In what may be a troubling portent for solo lawyers, the survey asked firms about changes over the last three years to their client base — the number of clients served by the firm — which the report characterizes as the impact of marketing. While many firms saw increases, solos did not fare as well.

Among solos, 28% saw their client base decline — 24% by more than 5% a year. Another 22% of solos saw no change and — possibly worst of all — 21% did not know whether there had been a change in their client base.

Small firms say their greatest source of competition is other firms of similar size, with 73% overall citing that as their greatest source of competition. The next-greatest source, cited by 52%, is significantly larger law firms. Roughly 12% cited both consumers representing themselves and do-it-yourself websites as sources of competition.

Lawyers spend roughly 60% of their work time practicing law, the survey found, with little variation by size of firm. The rest of their time is spent managing the firm, marketing, meeting or speaking with clients, or dealing with administrative tasks.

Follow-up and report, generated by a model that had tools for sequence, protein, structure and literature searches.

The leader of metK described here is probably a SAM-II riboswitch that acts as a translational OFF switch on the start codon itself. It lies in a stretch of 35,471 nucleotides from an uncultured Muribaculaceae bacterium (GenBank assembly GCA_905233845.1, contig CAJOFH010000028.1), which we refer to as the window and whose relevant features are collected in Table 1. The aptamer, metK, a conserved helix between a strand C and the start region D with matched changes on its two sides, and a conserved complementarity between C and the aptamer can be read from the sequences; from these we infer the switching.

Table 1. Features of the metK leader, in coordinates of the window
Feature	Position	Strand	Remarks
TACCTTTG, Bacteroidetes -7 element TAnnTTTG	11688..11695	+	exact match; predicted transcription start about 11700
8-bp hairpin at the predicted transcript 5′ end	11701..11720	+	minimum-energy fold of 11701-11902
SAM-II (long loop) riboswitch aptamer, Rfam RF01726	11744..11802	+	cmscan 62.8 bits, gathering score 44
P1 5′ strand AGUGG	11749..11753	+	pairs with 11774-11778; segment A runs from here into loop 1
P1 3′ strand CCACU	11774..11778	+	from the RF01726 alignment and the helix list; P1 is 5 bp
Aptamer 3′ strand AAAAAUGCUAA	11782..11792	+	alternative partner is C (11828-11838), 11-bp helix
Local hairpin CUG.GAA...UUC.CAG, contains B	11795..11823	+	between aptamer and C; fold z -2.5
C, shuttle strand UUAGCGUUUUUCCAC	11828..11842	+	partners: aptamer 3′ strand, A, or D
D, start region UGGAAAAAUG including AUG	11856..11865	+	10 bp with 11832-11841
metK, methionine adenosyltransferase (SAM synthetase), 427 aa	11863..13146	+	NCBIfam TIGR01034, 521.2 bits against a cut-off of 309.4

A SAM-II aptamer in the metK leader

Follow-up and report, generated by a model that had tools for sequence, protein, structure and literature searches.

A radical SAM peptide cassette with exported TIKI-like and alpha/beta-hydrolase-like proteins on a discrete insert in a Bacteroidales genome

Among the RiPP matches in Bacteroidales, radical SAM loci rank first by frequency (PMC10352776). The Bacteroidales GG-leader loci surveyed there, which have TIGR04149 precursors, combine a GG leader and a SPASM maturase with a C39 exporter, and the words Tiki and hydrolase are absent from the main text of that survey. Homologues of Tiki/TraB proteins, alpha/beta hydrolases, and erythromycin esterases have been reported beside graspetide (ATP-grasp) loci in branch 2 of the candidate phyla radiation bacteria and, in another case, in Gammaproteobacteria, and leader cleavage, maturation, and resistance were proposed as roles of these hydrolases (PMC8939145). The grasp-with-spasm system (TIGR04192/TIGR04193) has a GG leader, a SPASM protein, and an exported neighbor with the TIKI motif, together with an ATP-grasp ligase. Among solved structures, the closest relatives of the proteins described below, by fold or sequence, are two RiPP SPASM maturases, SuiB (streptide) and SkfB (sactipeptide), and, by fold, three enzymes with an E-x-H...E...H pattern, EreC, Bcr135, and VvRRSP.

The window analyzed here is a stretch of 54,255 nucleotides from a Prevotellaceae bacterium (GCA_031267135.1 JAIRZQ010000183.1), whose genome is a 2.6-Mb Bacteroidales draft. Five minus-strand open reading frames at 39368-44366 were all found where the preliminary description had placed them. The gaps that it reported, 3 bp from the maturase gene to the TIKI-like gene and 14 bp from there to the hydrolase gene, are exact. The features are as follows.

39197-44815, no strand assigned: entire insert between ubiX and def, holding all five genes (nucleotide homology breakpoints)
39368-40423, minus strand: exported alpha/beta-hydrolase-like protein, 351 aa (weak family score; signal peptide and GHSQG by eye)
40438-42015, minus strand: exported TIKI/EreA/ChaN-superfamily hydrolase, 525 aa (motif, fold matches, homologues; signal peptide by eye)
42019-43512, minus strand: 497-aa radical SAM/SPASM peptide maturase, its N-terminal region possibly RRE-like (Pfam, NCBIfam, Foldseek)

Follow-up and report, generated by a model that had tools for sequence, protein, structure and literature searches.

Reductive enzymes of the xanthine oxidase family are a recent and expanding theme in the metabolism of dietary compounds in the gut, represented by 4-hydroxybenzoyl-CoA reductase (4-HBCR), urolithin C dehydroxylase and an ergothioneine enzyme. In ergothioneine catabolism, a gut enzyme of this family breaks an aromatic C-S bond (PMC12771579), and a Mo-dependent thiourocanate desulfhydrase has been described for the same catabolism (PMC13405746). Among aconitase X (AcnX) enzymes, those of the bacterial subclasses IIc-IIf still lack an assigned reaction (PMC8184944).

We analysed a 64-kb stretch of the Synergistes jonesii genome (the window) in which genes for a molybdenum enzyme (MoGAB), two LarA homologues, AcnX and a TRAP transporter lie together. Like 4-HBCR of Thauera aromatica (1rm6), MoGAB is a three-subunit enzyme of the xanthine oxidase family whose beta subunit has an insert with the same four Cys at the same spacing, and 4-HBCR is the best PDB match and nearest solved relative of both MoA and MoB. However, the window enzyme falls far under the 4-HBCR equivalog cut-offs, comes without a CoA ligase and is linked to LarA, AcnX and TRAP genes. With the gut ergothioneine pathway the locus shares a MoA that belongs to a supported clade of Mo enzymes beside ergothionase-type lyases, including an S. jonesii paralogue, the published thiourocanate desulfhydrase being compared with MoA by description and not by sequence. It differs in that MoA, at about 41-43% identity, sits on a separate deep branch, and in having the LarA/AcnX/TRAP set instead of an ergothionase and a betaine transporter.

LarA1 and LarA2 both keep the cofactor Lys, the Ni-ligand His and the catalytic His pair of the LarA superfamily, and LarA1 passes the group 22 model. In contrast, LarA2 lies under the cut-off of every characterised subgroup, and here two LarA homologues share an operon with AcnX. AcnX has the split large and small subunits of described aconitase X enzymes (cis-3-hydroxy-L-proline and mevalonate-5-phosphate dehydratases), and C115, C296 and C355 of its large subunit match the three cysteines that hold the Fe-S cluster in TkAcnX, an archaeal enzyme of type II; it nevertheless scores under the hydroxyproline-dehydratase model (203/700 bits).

Evaluating Success

A question in this survey that fascinates me every year is how small-firm lawyers characterize their success. This year, as in past years, most lawyers characterize their firms as either successful or very successful, even while acknowledging the challenges they face.

Overall, 94% of respondents characterized their firms as successful or very successful, with little variation among firms of different sizes.

The survey also asked lawyers what they consider to be the measures of success. The most common answers they gave are overall profits, repeat business and client satisfaction rankings.